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By Clyde De L. Ryals

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Additional resources for A World of Possibilities: Romantic Irony in Victorian Literature (Studies in Victorian Life and Literature)

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Yet in a footnote in the first edition the author refers to "my heroes and heroines" (p. 8 The author enjoys the Godlike ability to be both immanent and transcendent, both in and out of his creation. Not infrequently he even portrays himself as one of the dramatis personae: The other day I saw Miss Trotter (p. 113) I have heard Amelia say (p. 163) I saw Peggy with the infantine procession (p. 218) It was on this very tour [of the Rhine] that I . had the pleasure to see them [Dobbin and Amelia] first, and to make their acquaintance (p.

This is not, of course, to say the perfect word can ever be dis­ 24 Carlyle's The French Revolution covered, since the identity of signifier and signified is always proximate at best. History too has its grammar, and its parts of speech are ever subject to change. As embodied language, humans also can be­ come archaisms unsuited for the grammar of a new or changing era. Thus Louis XV, the representative of absolute monarchy, is, in the final third of the eighteenth century, a "Solecism Incarnate" (2:21).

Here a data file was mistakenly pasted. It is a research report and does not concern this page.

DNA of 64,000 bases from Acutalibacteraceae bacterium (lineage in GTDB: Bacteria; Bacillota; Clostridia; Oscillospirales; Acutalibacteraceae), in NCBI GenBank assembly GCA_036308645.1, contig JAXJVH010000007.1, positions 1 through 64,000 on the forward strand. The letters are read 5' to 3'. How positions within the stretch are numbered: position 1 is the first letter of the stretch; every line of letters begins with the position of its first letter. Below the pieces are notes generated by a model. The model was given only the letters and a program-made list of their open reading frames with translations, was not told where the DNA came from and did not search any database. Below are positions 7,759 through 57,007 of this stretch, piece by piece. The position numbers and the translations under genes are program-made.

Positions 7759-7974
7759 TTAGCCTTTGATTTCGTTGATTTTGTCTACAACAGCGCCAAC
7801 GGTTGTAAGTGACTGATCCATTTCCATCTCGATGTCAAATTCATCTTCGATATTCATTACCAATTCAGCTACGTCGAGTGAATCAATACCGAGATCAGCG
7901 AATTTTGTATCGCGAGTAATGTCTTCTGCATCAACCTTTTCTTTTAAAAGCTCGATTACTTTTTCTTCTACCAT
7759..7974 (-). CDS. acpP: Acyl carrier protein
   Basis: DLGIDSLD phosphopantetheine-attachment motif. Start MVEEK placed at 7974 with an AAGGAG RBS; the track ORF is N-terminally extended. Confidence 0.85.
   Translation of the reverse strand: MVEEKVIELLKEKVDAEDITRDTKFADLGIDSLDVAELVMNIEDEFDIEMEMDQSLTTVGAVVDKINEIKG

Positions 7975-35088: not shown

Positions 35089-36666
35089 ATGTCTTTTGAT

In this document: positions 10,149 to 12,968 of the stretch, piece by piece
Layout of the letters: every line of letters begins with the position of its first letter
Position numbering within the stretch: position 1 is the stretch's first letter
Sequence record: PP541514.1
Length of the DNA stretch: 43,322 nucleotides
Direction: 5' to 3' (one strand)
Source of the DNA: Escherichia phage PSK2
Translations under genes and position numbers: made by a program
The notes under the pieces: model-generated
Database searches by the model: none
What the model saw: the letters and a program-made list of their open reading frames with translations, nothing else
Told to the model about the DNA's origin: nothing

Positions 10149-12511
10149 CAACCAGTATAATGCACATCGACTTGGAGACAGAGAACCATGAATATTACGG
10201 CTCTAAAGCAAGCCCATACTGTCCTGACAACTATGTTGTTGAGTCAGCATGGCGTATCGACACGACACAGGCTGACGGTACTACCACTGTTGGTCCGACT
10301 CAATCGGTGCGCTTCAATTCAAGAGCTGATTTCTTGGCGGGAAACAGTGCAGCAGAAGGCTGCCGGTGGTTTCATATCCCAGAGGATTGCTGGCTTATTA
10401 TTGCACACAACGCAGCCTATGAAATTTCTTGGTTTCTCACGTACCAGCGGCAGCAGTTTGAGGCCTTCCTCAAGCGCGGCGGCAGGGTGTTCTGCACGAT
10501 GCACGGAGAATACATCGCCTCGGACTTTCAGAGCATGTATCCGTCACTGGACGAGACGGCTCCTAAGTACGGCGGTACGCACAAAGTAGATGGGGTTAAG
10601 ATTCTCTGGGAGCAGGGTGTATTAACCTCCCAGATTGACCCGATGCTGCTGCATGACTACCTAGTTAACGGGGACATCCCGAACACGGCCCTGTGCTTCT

66), "bring our characters forward" (p. 81), "adroitly shut the door" (p. 571), and "dwell upon this period" (p. 601). He mounts the stage "to introduce [his characters]" and then "step[s] down from the platform [to] talk about them" (p. 81). He explains why some incidents are in­ Vanity Fair: Transcendental Buffoonery 39 eluded or omitted: "We are not going to write the history [of Mr. Sedley's last years]; it would be too dreary and stupid" (p. 549). He comments on the composition and arrangement of his work: "Although all the little incidents must be heard, yet they must be put off when the great events make their appearance, and hence a little trifling disarrangement and disorder was ex­ cusable and becoming" (p.

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